Birds don’t have REM sleep, most likely so that they don’t fall off a tree from muscle paralysis. Dolphins, too, despite being mammals, do not enjoy the pleasure of dreaming, as they need to keep swimming to breathe. How can they sleep at all, you may ask? Half their brain at a time! Yes, they have developed the ability to have half of their brain asleep while the other half is still active. How cool is that? Just imagine how convenient that would be!

How about apes? They do have REM sleep, but in smaller proportions compared to humans. Scientists believe that this evolution resulted from humans leaving the trees to live on the plain instead. Sleeping firmly on the ground would have made it safer for us to dream for more extended periods.

Day 1

Greg woke up shaken by the plane touching the ground. He had barely slept. “It’s going to be a long day,” he told himself, grabbing his bag and leaving the plane. Indeed, a long day it would be. When Greg left the airport, en route to the local office, it was barely 9:00 am New York’s time, but his internal clock was approaching bedtime.

Melatonin and adenosine

When it comes to sleep, we often hear about melatonin. It’s a hormone produced by the pineal gland in response to darkness. It reduces our awareness, thus facilitating sleep. It also helps with the calibration of our circadian rhythm to make sure we feel sleepy at the right time of the day.

But melatonin is not alone in the sleep facilitating division. We also produce a molecule called adenosine as a byproduct of energy consumption throughout the day. The more active we are, the more adenosine gets produced. When its concentration in our bloodstream reaches a certain threshold, it starts interacting with specific cell receptors, inhibiting neural activity and causing drowsiness. This drowsiness is commonly called sleep pressure.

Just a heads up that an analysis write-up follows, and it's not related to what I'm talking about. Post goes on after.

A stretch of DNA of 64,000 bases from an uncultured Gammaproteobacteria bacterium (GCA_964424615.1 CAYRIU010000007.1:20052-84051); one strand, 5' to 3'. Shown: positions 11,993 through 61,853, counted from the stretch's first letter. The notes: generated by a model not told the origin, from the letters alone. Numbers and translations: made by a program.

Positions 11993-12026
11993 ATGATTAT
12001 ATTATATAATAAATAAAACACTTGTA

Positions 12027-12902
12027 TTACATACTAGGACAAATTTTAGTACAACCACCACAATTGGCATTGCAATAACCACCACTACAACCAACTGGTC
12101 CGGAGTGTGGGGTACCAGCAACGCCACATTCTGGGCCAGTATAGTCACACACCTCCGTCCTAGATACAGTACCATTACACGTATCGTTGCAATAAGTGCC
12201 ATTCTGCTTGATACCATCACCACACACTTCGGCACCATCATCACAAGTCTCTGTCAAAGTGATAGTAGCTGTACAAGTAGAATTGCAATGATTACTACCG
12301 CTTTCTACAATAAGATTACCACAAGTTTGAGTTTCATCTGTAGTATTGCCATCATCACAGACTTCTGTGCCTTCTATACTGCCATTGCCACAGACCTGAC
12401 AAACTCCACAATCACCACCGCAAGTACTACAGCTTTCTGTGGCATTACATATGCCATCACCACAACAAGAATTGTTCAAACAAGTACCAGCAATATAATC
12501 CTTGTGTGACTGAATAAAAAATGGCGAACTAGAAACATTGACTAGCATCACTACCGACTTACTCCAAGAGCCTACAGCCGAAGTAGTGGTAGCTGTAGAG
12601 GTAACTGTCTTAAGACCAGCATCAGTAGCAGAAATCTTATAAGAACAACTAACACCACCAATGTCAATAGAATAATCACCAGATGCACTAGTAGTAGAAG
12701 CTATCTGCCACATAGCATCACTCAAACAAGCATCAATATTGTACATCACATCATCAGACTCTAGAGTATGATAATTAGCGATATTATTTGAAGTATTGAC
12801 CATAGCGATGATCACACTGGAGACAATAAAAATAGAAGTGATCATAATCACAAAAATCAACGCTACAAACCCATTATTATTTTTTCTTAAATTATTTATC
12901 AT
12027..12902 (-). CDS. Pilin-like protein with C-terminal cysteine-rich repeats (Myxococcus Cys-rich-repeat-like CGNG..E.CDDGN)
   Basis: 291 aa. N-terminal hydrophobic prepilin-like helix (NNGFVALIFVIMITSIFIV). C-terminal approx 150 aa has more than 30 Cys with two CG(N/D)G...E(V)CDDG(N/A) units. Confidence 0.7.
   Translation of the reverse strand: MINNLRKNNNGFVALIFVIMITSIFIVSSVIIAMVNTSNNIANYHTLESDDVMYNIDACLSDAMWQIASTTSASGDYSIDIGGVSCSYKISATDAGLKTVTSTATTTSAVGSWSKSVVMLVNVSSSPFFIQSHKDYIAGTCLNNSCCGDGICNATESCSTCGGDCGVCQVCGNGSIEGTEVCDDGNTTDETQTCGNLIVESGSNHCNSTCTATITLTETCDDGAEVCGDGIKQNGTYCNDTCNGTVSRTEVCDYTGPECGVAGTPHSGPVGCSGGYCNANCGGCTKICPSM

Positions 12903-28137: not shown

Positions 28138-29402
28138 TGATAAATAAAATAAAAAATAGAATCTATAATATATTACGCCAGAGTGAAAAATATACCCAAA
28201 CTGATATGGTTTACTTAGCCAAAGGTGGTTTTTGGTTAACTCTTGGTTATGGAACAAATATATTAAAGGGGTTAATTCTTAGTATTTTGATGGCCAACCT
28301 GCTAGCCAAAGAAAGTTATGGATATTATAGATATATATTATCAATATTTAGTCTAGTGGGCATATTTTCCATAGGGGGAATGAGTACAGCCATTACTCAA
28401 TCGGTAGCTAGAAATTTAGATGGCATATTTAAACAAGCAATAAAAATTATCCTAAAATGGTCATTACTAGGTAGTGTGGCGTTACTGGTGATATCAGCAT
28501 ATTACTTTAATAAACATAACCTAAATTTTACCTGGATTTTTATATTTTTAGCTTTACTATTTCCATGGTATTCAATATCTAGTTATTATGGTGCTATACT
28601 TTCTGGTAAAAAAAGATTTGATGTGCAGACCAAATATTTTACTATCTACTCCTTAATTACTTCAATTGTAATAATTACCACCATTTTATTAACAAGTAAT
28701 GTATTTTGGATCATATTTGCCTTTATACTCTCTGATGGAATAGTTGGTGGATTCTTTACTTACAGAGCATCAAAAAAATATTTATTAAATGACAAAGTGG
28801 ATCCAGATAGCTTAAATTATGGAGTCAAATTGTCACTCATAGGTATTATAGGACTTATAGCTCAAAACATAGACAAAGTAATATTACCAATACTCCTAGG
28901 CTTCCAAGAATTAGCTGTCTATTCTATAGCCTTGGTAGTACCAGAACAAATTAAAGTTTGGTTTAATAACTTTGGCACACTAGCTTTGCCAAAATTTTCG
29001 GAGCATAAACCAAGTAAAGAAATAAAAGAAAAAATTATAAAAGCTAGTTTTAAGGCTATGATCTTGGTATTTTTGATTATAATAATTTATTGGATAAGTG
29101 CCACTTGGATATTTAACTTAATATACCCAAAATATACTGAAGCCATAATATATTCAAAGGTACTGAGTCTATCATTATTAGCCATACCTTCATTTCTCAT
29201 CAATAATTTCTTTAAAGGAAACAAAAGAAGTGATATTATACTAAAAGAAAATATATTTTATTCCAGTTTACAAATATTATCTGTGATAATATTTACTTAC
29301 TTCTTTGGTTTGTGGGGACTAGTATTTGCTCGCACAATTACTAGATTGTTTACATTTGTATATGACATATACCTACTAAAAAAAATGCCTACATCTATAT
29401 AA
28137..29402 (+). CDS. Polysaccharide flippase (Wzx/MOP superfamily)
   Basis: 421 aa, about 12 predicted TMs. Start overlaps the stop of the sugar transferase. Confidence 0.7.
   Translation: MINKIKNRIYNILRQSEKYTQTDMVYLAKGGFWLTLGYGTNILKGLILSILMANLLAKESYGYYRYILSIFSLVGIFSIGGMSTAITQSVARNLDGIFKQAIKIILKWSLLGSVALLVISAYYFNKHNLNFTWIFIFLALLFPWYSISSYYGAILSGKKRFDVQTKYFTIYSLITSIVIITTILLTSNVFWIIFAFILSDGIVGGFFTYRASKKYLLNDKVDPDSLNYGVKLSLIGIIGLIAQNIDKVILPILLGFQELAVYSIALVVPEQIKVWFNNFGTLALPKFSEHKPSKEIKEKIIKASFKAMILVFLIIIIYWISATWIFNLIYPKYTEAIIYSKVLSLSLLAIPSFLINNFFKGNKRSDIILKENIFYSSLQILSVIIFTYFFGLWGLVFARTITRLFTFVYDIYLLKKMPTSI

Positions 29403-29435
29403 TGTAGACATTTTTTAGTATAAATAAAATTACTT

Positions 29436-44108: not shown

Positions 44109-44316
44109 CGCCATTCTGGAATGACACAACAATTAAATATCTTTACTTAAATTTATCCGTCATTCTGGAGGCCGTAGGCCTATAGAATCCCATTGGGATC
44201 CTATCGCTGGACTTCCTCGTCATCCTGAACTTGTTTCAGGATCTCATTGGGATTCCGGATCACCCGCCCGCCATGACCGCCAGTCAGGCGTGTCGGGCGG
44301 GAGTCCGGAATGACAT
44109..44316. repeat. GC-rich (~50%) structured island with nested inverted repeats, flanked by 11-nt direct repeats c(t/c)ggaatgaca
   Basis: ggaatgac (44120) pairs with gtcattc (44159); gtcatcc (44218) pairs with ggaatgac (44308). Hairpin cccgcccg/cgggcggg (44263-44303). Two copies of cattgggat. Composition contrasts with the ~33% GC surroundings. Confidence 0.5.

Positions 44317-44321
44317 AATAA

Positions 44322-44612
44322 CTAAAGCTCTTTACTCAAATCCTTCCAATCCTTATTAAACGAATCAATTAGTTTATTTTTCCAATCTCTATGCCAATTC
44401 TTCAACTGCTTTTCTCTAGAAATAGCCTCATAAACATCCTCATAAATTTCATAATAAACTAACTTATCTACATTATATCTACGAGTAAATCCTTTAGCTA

There is a fundamental difference between melatonin and adenosine. Melatonin is produced only when it’s dark, so we stop making it during the day. Adenosine, on the other hand, needs to be processed. Otherwise, it stays in our bloodstream. And the only way to process it? You guessed well, sleep!

When we do an all-nighter, we do produce melatonin during the night, which makes us sleepy, but once the sun is up again the following day, its effects are suppressed. Adenosine, however, would have been building up during the night on top of what we would have produced the day before. That “sleep pressure” is what makes us feel miserable the day after an all-nighter.

Caffeine to-the-rescue

How do you keep awake after a sleepless night? Coffee, of course! Coffee contains high concentrations of caffeine, a molecule that seems to have many stimulant properties on us, most notably, its ability to keep us awake. How does it do that? Well, it very conveniently attaches itself to the same cell receptors that adenosine interacts with, blocking its effects as a result.